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This week marks the 25th anniversary of the gas attacks on the Kurdish village of Halabja, Iraq, at the hand of Saddam Hussein that killed at least 5,000 civilians. Vanderbilt University international criminal and humanitarian law expert Michael Newton says lessons learned from the Halabja attack could help the persecuted Kurds being attacked in Syria today.
Newton has worked closely with the Kurdish people for decades and helped establish the Iraqi Special Tribunal that convicted Hussein and led training in international criminal law for its judges, which he continues to do today.
He believes the legacy of the Halabja genocide, as well as the more than 50 other chemical weapons attacks against Kurdish villages and people, can be seen in the unified response of the United States and other Western countries to the reported preparations of the Syrian regime to use chemical weapons today.
“The entire world learned that the costs of remaining silent are simply too ghastly to ignore.The ghosts of Halabja cry out to remind the world that as Kurds and other Syrians suffer under another repressive regime, the world must rally to their aid,” said Newton, professor of the practice of law at Vanderbilt Law School.
The United States and other countries did not immediately respond after the Halabja attack. But Newton said it “galvanized world attention on what was happening in Iraq and the terror of the Iraqi governmental regime under Saddam Hussein.”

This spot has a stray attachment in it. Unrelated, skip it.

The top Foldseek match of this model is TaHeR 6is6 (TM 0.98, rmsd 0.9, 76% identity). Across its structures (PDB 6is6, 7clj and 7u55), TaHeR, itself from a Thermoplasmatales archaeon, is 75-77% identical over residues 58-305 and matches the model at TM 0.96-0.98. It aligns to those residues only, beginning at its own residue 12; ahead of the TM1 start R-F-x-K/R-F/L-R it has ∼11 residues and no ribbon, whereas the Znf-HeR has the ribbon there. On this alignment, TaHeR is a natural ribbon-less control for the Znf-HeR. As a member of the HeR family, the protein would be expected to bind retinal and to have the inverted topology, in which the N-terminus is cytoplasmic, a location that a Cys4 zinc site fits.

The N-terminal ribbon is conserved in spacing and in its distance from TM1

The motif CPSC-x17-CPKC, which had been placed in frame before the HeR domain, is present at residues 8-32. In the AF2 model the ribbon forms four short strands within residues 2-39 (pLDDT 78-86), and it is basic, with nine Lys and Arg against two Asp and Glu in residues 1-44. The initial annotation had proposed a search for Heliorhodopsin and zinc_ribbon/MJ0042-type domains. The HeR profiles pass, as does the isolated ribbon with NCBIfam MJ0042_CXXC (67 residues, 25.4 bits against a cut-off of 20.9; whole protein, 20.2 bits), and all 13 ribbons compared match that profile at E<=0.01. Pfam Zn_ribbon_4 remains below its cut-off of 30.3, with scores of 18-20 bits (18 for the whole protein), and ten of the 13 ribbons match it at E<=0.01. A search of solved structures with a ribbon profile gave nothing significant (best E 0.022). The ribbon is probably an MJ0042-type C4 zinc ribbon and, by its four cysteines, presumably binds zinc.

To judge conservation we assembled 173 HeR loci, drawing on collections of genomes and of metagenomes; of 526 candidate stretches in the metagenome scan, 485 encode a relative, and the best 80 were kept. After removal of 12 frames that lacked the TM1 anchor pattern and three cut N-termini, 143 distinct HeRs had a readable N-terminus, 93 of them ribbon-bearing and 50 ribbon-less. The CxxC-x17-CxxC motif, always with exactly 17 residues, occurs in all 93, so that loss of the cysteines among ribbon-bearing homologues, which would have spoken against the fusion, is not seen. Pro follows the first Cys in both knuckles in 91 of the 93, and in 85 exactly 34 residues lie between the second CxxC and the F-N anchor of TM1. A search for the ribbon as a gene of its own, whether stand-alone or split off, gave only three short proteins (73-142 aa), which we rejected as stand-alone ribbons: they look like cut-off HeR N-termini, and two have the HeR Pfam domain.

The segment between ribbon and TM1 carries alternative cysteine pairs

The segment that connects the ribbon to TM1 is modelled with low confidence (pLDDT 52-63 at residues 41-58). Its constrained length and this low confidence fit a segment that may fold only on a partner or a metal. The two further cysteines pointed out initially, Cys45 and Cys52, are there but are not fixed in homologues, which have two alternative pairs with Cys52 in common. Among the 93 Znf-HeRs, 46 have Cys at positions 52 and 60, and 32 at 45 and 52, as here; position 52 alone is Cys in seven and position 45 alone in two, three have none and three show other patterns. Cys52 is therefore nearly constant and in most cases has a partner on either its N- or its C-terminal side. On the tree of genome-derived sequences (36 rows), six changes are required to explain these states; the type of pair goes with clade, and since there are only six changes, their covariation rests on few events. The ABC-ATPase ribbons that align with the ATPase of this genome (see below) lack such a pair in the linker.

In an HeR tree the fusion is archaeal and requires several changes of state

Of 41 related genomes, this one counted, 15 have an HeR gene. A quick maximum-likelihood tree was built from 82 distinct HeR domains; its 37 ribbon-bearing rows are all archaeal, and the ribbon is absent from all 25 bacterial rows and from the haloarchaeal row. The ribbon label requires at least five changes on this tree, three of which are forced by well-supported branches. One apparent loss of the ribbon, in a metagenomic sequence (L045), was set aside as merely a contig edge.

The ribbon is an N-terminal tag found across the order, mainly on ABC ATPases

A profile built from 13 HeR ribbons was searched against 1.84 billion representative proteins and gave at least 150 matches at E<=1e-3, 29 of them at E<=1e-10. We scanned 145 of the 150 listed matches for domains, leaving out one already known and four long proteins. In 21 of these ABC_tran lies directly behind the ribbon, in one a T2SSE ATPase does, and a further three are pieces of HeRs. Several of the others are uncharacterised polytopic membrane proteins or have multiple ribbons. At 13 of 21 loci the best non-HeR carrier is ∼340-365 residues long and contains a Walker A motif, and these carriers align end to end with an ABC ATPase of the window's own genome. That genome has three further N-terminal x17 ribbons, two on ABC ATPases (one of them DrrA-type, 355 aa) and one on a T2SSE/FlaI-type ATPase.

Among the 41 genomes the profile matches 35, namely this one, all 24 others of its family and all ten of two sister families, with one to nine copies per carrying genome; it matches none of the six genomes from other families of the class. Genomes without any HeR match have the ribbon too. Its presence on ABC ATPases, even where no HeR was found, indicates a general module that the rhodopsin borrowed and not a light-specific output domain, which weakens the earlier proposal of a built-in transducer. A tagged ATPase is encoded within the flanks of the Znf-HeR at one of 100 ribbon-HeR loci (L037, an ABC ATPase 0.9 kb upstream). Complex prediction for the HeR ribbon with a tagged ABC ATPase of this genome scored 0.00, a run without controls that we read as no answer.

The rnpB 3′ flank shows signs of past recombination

Newton said the Kurdish people were essential to Hussein’s conviction on war crimes because of the key evidence, witness statements and eyewitness testimony they risked their lives to gather. And this is what the Syrian Kurds must do today.
“It was the Kurds themselves that provided the record of the genocide; and I promise you, the Iraqi genocide cases could not have been prosecuted successfully without this evidence. And we must encourage the Syrian Kurds to do the same thing—to document with specificity the crimes being committed against them,” said Newton.
Along with helping to establish the Iraqi Special Tribunal that convicted Hussein and leading the training in international criminal law for its judges, Newton served in the Office of War Crimes Issues at the U.S. Department of State and was one of two U.S. delegates who negotiated the Elements of Crimes document for the International Criminal Court. He also coordinated the interface between the FBI and the International Criminal Tribunal for the former Yugoslavia and deployed into Kosovo to do forensics fieldwork to support the Milosevic indictment.
Newton is also the co-author of Enemy of the State: The Trial and Execution of Saddam Hussein.
Amy Wolf, (615) 322-NEWS
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